Unfortunately we hear these words a lot. Living in the lowcountry is geographically a location that is susceptible to flooding for a number of reasons. The number one reason that comes to mind is Hurricanes which can bring in storm surges that surpass expectations and cause much damage to your home or business. The second is new development. New development can add imperious surface area which denies saturation and natural water flow. Areas that have been uncommon flooding areas are becoming more and more susceptible to flooding.
Insurance company's use Elevation Certificates to rate your flood insurance premiums, therefore it is in your best interest to have a certificate that reflects the conditions of your home or business. The current FEMA Flood certificates contain questions on the openings around the crawlspace of the structure, how high are the openings and how many openings are around the structure.
Flood certificates can be used from prior flood policy's, but you don't know if it reflects the current characteristic's of the home or business for proper coverage ratings.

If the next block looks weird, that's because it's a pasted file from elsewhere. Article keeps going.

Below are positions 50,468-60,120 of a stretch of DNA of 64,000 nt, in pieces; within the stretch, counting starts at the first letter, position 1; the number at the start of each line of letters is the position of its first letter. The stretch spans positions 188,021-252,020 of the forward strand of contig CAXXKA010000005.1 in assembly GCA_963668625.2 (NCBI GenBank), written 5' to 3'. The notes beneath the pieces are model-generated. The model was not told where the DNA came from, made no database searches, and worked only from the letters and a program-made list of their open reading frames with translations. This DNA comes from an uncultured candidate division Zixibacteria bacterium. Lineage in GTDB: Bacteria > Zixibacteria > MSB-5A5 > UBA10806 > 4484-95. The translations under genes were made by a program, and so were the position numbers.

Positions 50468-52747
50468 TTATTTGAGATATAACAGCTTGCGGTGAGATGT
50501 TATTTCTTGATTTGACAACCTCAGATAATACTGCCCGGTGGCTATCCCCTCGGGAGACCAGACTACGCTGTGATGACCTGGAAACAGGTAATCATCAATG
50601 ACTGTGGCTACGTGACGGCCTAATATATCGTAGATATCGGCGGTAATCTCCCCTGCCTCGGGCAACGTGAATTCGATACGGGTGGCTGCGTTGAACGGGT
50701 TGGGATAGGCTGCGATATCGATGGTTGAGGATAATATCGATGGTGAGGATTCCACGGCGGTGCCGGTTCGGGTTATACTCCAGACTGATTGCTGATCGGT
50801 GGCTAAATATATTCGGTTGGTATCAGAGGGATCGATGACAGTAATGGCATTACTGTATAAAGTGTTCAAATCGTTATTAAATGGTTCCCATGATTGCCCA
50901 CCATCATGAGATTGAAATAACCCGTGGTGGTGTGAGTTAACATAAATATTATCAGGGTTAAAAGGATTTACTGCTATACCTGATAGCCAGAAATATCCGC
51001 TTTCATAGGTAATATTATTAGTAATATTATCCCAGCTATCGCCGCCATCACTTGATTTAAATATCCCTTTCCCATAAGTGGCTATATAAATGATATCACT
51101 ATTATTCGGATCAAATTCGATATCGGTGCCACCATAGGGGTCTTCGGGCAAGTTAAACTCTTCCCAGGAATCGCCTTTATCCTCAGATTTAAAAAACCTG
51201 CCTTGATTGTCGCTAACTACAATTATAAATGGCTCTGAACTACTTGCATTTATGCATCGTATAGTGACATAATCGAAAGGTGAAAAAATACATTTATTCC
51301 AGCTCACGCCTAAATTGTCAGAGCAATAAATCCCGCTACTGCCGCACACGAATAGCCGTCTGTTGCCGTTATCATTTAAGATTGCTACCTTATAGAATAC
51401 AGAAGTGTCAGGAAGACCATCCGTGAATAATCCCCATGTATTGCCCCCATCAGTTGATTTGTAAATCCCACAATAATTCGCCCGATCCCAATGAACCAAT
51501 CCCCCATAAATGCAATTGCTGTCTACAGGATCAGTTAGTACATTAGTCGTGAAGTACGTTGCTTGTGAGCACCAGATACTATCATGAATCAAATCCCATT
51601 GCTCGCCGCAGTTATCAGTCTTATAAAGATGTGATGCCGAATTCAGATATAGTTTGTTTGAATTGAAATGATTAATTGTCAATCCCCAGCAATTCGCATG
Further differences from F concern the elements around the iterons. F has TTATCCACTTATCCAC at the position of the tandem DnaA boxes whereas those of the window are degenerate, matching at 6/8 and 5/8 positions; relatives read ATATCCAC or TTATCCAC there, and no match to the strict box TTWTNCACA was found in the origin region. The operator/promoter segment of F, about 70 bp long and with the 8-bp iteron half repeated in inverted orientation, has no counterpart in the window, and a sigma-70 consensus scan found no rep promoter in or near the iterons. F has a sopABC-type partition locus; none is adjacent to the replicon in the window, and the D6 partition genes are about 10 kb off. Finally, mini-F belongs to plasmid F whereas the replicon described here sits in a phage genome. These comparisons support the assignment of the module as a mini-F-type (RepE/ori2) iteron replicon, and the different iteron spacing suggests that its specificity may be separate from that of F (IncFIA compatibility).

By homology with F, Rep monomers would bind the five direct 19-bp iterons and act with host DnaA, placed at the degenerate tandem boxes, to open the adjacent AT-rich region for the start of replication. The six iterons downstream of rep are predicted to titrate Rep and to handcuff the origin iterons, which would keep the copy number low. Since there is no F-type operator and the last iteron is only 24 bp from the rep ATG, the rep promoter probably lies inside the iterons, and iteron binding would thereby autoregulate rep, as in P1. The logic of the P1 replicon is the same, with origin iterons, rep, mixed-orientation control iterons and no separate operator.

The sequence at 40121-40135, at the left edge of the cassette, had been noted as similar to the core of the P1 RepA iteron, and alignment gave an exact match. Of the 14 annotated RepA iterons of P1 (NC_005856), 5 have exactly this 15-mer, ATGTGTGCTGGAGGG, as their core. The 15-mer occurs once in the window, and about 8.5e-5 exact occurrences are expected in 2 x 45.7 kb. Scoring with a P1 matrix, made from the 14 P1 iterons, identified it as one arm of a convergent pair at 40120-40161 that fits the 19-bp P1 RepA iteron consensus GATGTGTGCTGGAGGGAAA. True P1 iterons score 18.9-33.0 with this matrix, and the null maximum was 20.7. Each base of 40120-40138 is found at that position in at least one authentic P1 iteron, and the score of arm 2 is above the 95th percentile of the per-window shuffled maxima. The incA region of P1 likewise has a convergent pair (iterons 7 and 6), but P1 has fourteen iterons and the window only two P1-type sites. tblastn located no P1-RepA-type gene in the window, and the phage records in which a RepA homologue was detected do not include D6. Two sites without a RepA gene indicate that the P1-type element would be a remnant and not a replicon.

The computed elevation to which floodwater is anticipated to rise during the base flood. Base Flood Elevations (BFEs) are shown on Flood Insurance Rate Maps (FIRMs) and on the flood profiles.
The BFE is the regulatory requirement for the elevation or floodproofing of structures. The relationship between the BFE and a structure's elevation determines the flood insurance premium.
Zone C, Zone X - Areas determined to be outside 500-year floodplain determined to be outside the
1% and 0.2% annual chance floodplains.
Zone B, Zone X500 - Areas of 500-year flood; areas of 100-year flood with average depths of less than 1
foot or with drainage areas less than 1 square mile; and areas protected by levees
from 100-year flood. An area inundated by 0.2% annual chance flooding.
Zone A - An area inundated by 1% annual chance flooding, for which no BFEs have been
Zone AE - An area inundated by 1% annual chance flooding, for which BFEs have been
Zone VE - An area inundated by 1% annual chance flooding with velocity hazard
(wave action); BFEs have been determined.